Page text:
I received two of the three in the Jon Reznick series from Netgalley. Jon Reznick is a former Delta warrior, now a “ghost” employed by the American government as a legal assassin who takes his orders from shadowy handlers that rarely support him if efforts go awry. He was their plausible deniability, with no direct link to any US personnel.
“Reznick was not the judge. Nor the jury. He was the executioner.”
But Reznick is not the soulless, morales-challenged killer that would fit nicely into this description. He has lines he won’t cross and he has background lessons that came not from his time with the military, but influences before that:
“Highly decorated. A bit of a legend among the Delta cadre, by all accounts.”
“He thought of his father, wearing his medals at the Vietnam memorial. He thought of Lauren [his daughter] in her hospital bed. And he thought of his wife, the split second before the towers collapsed. He imagined the horror and fear that must have engulfed her as she disappeared into the dust and the concrete and twisted metal.”
“He didn’t show himself to the world. That came from his father, who hadn’t been able to abide histrionics. Reznick’s father had thought a person was unhinged if they panicked about being late or forgetting items from a shopping list. No one died, so what’s the problem? His father had hated the latter part of his life, working that soul-destroying job in a fish-packing plant in Rockland. But he never bitched about it.”
Life events shaped him in a way that can never be bridged by the present.
Though some sources compared Reznick to Jack Reacher, I didn’t see it. Reznick is an interesting character with serious talents in his chosen assassin field, but his morals and backstory are significantly different from other fictional characters. Not better or worse. Just different.
by J.B. Turner
My rating: 4 of 5 stars
In J. B. Turner’s first in the Jon Reznick series, Hard Road (Thomas & Mercer 2016), Jon Reznick is sent to eliminate a man who threatens United States security, but it quickly becomes obvious he not only has the wrong man but the op itself is compromised. The man (known as Luntz) has an FBI protection detail who is murdered by someone who wants to kidnap the scientist. Reznick saves the man’s life and they flee to safety where Reznick can figure out what’s going on. But things go from bad to worse when his daughter is kidnapped to force Reznick to turn over the scientist to the people chasing him. Trying to save his daughter puts Reznick in a fight for his life, not sure from one moment to the next who he can trust. But that is only the beginning. The FBI wants Luntz back, with the secrets they declare are important to national security, and they don’t care what they have to do to get him.
The only bad part was that Reznick killed a dog who was simply doing its job defending a property. Kill all the humans you want, but dogs are innocents. Well, one other part that worried me was how many Dexedrine Reznick popped to stay awake. Not a good long term strategy.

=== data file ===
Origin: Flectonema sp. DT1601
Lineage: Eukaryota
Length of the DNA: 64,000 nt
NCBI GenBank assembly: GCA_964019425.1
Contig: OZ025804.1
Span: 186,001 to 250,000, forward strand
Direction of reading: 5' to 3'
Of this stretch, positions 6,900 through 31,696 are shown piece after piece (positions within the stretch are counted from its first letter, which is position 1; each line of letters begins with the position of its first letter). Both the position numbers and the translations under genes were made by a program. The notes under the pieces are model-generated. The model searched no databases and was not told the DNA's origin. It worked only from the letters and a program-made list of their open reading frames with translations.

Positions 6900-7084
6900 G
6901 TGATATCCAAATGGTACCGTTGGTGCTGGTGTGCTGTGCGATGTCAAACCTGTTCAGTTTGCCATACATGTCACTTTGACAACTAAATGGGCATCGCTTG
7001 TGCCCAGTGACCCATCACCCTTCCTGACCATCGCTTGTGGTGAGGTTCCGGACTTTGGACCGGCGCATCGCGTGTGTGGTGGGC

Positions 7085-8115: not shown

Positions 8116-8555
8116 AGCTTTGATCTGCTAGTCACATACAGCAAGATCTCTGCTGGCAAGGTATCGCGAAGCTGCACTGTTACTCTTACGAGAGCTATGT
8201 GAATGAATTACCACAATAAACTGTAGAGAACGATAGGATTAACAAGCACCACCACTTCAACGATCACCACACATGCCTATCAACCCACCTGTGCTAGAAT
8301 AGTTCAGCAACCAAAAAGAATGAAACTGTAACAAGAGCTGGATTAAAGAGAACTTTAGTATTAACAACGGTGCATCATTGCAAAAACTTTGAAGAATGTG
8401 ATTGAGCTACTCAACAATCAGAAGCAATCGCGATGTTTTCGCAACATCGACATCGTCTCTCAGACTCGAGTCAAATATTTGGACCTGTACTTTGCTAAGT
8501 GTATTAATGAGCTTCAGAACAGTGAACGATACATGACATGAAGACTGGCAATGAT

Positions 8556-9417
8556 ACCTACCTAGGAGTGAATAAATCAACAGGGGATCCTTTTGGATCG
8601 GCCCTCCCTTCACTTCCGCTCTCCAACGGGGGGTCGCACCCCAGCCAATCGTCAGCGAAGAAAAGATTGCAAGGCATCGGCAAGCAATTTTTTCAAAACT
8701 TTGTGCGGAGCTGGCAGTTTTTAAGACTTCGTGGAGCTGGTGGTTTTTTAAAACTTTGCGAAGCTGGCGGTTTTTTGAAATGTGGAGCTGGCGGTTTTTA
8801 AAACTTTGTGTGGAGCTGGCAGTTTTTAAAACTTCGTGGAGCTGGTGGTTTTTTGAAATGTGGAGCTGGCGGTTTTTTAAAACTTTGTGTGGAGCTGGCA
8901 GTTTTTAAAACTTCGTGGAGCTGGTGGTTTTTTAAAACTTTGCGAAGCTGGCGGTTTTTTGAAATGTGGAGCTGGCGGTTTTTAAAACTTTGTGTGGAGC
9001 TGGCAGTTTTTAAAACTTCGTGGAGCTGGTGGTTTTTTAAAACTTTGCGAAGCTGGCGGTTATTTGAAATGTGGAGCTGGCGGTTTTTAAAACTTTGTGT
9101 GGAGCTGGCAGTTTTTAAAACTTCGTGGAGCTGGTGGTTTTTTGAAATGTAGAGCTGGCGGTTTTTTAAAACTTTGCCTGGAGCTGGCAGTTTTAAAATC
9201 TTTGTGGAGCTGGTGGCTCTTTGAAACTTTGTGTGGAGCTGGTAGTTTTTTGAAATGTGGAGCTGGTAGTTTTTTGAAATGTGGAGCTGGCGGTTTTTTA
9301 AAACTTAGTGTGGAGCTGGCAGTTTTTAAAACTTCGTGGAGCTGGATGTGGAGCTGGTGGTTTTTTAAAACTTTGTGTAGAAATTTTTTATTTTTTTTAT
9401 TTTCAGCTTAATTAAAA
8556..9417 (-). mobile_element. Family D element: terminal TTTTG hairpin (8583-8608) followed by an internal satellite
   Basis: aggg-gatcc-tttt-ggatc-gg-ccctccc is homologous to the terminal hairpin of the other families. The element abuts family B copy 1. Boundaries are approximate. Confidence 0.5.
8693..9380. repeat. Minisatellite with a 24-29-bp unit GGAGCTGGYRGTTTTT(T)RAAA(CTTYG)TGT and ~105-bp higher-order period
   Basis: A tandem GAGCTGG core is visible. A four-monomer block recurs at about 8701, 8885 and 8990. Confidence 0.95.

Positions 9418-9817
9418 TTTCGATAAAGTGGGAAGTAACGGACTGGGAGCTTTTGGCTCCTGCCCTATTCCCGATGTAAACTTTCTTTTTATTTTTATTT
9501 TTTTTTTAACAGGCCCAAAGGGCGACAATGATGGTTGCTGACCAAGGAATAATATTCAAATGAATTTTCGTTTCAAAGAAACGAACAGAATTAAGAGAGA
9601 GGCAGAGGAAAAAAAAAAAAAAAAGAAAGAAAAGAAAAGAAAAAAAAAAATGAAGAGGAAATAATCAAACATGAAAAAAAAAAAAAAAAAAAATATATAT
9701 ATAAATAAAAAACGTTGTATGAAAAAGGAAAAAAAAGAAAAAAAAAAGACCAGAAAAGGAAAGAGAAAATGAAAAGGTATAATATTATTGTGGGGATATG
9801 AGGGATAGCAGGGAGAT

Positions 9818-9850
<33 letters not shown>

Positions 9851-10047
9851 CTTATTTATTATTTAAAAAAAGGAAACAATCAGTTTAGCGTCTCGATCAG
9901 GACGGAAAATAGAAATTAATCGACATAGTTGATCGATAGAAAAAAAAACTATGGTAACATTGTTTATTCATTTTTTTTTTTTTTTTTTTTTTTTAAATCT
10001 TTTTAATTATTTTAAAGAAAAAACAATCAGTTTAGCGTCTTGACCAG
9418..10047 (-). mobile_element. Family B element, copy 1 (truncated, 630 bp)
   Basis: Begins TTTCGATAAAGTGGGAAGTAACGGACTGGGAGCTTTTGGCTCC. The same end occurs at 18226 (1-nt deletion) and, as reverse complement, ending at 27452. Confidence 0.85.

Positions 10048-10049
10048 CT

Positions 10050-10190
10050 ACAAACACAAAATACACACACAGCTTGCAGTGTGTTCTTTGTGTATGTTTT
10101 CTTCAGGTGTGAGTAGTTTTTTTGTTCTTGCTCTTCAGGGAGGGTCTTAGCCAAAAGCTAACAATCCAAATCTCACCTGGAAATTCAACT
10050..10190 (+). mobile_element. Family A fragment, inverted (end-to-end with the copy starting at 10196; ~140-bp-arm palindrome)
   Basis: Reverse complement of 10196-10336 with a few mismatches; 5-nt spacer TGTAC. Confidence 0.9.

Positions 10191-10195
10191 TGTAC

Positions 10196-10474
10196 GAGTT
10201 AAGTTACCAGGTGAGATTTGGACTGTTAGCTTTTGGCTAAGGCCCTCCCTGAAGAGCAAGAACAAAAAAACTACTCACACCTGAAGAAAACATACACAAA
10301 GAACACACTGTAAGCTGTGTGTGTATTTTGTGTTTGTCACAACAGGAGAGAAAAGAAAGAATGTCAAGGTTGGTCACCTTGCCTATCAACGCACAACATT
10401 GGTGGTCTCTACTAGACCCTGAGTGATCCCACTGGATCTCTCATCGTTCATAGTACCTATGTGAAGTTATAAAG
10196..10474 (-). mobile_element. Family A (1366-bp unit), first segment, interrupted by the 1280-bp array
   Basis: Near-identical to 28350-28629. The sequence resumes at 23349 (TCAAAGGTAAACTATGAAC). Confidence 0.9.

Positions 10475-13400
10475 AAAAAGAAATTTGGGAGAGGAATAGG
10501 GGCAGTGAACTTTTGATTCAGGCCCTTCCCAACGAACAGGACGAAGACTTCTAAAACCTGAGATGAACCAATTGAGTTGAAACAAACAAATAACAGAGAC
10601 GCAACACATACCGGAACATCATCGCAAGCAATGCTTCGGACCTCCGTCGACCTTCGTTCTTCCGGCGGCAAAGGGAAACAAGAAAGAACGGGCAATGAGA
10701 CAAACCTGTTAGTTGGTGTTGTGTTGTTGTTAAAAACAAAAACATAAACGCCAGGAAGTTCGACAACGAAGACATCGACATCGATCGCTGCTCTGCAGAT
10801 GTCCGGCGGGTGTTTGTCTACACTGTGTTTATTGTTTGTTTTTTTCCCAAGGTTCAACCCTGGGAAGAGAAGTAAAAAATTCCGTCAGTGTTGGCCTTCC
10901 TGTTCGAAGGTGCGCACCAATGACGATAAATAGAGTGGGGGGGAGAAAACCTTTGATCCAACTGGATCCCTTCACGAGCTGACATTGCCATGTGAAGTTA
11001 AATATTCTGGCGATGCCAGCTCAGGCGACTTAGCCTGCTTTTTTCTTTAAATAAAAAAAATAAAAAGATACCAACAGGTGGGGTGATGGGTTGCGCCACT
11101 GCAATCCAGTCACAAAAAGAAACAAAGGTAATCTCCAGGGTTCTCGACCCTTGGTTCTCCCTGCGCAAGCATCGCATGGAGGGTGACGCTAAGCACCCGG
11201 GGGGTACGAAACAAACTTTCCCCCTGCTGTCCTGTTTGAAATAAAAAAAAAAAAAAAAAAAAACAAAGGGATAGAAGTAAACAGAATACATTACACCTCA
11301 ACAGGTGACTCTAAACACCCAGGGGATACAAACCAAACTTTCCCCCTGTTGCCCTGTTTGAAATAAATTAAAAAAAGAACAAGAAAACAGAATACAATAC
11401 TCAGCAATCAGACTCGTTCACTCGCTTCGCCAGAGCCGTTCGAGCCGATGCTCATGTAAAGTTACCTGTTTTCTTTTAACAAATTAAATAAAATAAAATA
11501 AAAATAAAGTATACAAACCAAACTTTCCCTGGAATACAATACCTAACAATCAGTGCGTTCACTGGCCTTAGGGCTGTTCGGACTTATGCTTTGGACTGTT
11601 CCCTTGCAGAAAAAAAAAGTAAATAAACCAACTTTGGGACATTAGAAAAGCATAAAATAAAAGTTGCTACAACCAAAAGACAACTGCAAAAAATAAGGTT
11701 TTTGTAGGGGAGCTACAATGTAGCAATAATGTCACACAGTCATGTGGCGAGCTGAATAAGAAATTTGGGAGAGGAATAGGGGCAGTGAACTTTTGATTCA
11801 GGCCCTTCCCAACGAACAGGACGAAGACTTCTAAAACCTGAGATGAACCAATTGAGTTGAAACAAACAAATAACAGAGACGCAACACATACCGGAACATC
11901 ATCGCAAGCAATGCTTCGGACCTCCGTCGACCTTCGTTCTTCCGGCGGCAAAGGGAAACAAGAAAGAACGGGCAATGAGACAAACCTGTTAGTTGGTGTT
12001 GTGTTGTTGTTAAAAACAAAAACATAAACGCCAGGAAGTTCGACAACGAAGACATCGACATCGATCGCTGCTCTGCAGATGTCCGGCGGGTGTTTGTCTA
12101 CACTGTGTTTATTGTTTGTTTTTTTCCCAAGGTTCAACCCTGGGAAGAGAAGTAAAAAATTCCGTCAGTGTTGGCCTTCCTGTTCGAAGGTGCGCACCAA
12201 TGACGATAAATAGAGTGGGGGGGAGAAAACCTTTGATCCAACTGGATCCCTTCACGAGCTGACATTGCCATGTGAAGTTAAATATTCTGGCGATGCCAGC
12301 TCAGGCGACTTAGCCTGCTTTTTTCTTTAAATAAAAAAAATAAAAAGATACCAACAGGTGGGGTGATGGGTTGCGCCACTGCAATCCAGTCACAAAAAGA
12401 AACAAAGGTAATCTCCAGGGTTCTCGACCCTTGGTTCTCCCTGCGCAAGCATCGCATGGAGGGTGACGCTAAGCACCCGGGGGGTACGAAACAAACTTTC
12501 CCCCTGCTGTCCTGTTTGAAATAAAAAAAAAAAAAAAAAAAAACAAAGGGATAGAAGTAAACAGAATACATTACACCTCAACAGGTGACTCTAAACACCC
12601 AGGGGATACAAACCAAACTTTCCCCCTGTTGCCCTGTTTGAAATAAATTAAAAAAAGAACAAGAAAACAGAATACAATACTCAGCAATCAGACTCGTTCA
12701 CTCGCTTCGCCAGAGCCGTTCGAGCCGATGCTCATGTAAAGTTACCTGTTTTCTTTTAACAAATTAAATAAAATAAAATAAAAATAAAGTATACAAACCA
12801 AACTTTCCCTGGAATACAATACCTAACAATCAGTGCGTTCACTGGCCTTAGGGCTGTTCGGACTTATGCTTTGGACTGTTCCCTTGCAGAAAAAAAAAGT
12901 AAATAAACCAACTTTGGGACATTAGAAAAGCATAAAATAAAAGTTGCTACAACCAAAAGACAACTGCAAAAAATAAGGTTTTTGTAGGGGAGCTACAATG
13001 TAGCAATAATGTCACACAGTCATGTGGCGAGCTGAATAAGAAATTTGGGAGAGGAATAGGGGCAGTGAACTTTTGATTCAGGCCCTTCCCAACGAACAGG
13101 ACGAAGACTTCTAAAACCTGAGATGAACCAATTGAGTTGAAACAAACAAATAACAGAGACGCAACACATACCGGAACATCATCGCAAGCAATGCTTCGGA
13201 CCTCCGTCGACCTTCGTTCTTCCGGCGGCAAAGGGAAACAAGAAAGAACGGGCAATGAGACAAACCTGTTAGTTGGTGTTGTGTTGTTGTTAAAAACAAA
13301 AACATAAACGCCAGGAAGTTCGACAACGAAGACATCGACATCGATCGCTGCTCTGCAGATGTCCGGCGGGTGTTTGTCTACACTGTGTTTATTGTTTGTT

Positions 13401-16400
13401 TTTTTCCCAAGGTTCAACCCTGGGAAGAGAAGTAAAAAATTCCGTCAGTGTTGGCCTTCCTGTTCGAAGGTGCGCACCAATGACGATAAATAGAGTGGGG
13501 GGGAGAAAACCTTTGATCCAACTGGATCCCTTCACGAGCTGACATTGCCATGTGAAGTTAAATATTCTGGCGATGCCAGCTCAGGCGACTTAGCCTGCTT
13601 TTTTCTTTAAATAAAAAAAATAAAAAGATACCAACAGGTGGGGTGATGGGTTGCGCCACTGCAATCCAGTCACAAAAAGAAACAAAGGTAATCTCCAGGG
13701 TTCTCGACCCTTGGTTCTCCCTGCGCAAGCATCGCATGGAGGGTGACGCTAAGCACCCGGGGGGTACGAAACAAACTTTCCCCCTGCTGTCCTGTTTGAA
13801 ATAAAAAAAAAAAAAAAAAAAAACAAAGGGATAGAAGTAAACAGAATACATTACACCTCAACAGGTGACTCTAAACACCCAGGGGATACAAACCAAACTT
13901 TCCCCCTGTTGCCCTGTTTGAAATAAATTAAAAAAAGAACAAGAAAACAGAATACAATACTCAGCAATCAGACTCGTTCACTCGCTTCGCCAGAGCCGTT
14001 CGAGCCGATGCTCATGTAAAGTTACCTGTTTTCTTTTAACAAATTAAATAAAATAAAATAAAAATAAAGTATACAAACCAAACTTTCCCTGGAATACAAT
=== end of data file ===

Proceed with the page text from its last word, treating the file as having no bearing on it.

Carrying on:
by J.B. Turner
My rating: 4 of 5 stars
In J.B. Turner’s third in the Jon Reznick series, Hard Wired (Thomas & Mercer 2016), Reznick gets a call from an old special forces buddy he hasn’t talked to in a while. The man is in a car wreck dying and wants to warn Reznick that someone is after all of them.
“They’re here. And they’re going to kill us all.”
Whoever “them” may be is not immediately clear to Reznick. The police call it an accident, but Reznick doesn’t believe them. With another Delta friend, he soon finds what appears to be a revenge plot against a mission Reznick was part of during his Delta days. When other members of that team are also killed in what appear to be an accidents, Reznick knows he must either find out who is behind this or be the next one killed.
I like that Reznick isn’t entirely likable. He’s rough around the edges, abrupt, and impatient. But he’s also sharp, sure of his moves, and very good at connecting the dots. I did find the logic behind the plot a bit extreme for me at times. Fiction requires that readers willingly suspend their disbelief in favor of a fun ride, and I had trouble doing that in parts. Bot the strength of the characters and the author’s storytelling skills made it work.
This series is recommended for those who love extremely talented warriors who refuse to tow the line for the sake of following orders.
More Maverick thrillers
Jacqui Murray is the author of the popular Building a Midshipman, the story of her daughter’s journey from high school to United States Naval Academy, and the thrillers, To Hunt a Sub and Twenty-four Days. She is also the author/editor of over a hundred books on integrating tech into education, adjunct professor of technology in education, webmaster for four blogs, an Amazon Vine Voice book reviewer, a columnist for TeachHUB, monthly contributor to Today’s Author and a freelance journalist on tech ed topics. You can find her books at her publisher’s website, Structured Learning.